Not all patients with nerve injury develop neuropathic pain. The extent of nerve damage and age at the time of injury are two of the few risk factors identified to date. In addition, preclinical studies show that neuropathic pain variance is heritable. To define such factors further, we performed a large-scale gene profiling experiment which plotted global expression changes in the rat dorsal root ganglion in three peripheral neuropathic pain models. This resulted in the discovery that the potassium channel alpha subunit KCNS1, involved in neuronal excitability, is constitutively expressed in sensory neurons and markedly downregulated following nerve injury. KCNS1 was then characterized by an unbiased network analysis as a putative pain gene, a result confirmed by single nucleotide polymorphism association studies in humans. A common amino acid changing allele, the ‘valine risk allele’, was significantly associated with higher pain scores in five of six independent patient cohorts assayed (total of 1359 subjects). Risk allele prevalence is high, with 18–22% of the population homozygous, and an additional 50% heterozygous. At lower levels of nerve damage (lumbar back pain with disc herniation) association with greater pain outcome in homozygote patients is P = 0.003, increasing to P = 0.0001 for higher levels of nerve injury (limb amputation). The combined P-value for pain association in all six cohorts tested is 1.14 E−08. The risk profile of this marker is additive: two copies confer the most, one intermediate and none the least risk. Relative degrees of enhanced risk vary between cohorts, but for patients with lumbar back pain, they range between 2- and 3-fold. Although work still remains to define the potential role of this protein in the pathogenic process, here we present the KCNS1 allele rs734784 as one of the first prognostic indicators of chronic pain risk. Screening for this allele could help define those individuals prone to a transition to persistent pain, and thus requiring therapeutic strategies or lifestyle changes that minimize nerve injury.
neuropathic pain; phenotype; molecular genetics; axonal injury; gene expression
The quantity and quality of adolescents’ sleep may have changed due to new technologies. At the same time, the prevalence of neck, shoulder and low back pain has increased. However, only a few studies have investigated insufficient quantity and quality of sleep as possible risk factors for musculoskeletal pain among adolescents. The aim of the study was to assess whether insufficient quantity and quality of sleep are risk factors for neck (NP), shoulder (SP) and low back pain (LBP). A 2-year follow-up survey among adolescents aged 15–19 years was (2001–2003) carried out in a subcohort of the Northern Finland Birth Cohort 1986 (n = 1,773). The outcome measures were 6-month period prevalences of NP, SP and LBP. The quantity and quality of sleep were categorized into sufficient, intermediate or insufficient, based on average hours spent sleeping, and whether or not the subject suffered from nightmares, tiredness and sleeping problems. The odds ratios (OR) and 95% confidence intervals (CI) for having musculoskeletal pain were obtained through logistic regression analysis, adjusted for previously suggested risk factors and finally adjusted for specific pain status at 16 years. The 6-month period prevalences of neck, shoulder and low back pain were higher at the age of 18 than at 16 years. Insufficient quantity or quality of sleep at 16 years predicted NP in both girls (OR 4.4; CI 2.2–9.0) and boys (2.2; 1.2–4.1). Similarly, insufficient sleep at 16 years predicted LBP in both girls (2.9; 1.7–5.2) and boys (2.4; 1.3–4.5), but SP only in girls (2.3; 1.2–4.4). After adjustment for pain status, insufficient sleep at 16 years predicted significantly only NP (3.2; 1.5–6.7) and LBP (2.4; 1.3–4.3) in girls. Insufficient sleep quantity or quality was an independent risk factor for NP and LBP among girls. Future studies should test whether interventions aimed at improving sleep characteristics are effective in the prevention and treatment of musculoskeletal pain.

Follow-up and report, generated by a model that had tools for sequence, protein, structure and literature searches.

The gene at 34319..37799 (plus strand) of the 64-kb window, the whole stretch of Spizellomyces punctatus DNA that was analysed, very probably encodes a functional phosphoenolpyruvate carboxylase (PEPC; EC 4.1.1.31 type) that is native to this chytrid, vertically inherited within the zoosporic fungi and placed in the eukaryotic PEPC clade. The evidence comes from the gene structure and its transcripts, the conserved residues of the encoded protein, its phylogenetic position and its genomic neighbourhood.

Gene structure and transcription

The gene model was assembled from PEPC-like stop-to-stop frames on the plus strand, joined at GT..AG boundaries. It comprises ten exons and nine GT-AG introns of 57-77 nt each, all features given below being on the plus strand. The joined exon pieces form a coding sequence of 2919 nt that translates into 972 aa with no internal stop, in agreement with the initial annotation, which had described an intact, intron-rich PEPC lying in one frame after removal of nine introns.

Musculoskeletal pain; Adolescent; Sleep; Risk factors; Prospective study
According to recent systematic reviews, Modic changes are associated with low-back pain. However, their pathophysiology remains largely unknown. A previous study of Northern Finnish males implicated that IL1A and MMP3 polymorphisms play a role in type II Modic changes. The purpose of the current study was to examine the association of IL1 cluster polymorphisms with Modic changes amongst middle-aged men in Southern Finland. The final study sample consisted of 108 men from three different occupations, who underwent magnetic resonance imaging (MRI) with a 0.1 T-scanner. Six single nucleotide polymorphisms (SNP) in the IL1 gene cluster (IL1A c.1-889C>T; IL1B c.3954C>T; IL1RN c.1812G>A; IL1RN c.1887G>C; IL1RN c.11100T>C; IL1RN c.1506G>A) were genotyped with the SNP-TRAP method or by allele-specific primer extension on modified microarray. In all, 45 subjects had Modic changes at one or more disc levels. The presence of the minor allele of IL1A (c.1-889C>T) was associated with these changes (any Modic change p = 0.031, type II changes p = 0.036). The carriers of the T-allele had a 2.5-fold risk of Modic change and the association was independent of the other IL1 gene cluster loci studied. In addition, a minor haplotype, with a frequency of 7.5% in the study population, including the minor alleles of IL1A c.1-889C>T, IL1RN c.1812G>A, and IL1RN c.1506G>A, was significantly associated with Modic changes. This observation is in accordance with the previous finding from a different geographical area, and thus confirms the importance of the IL1A gene in the pathophysiology of Modic changes.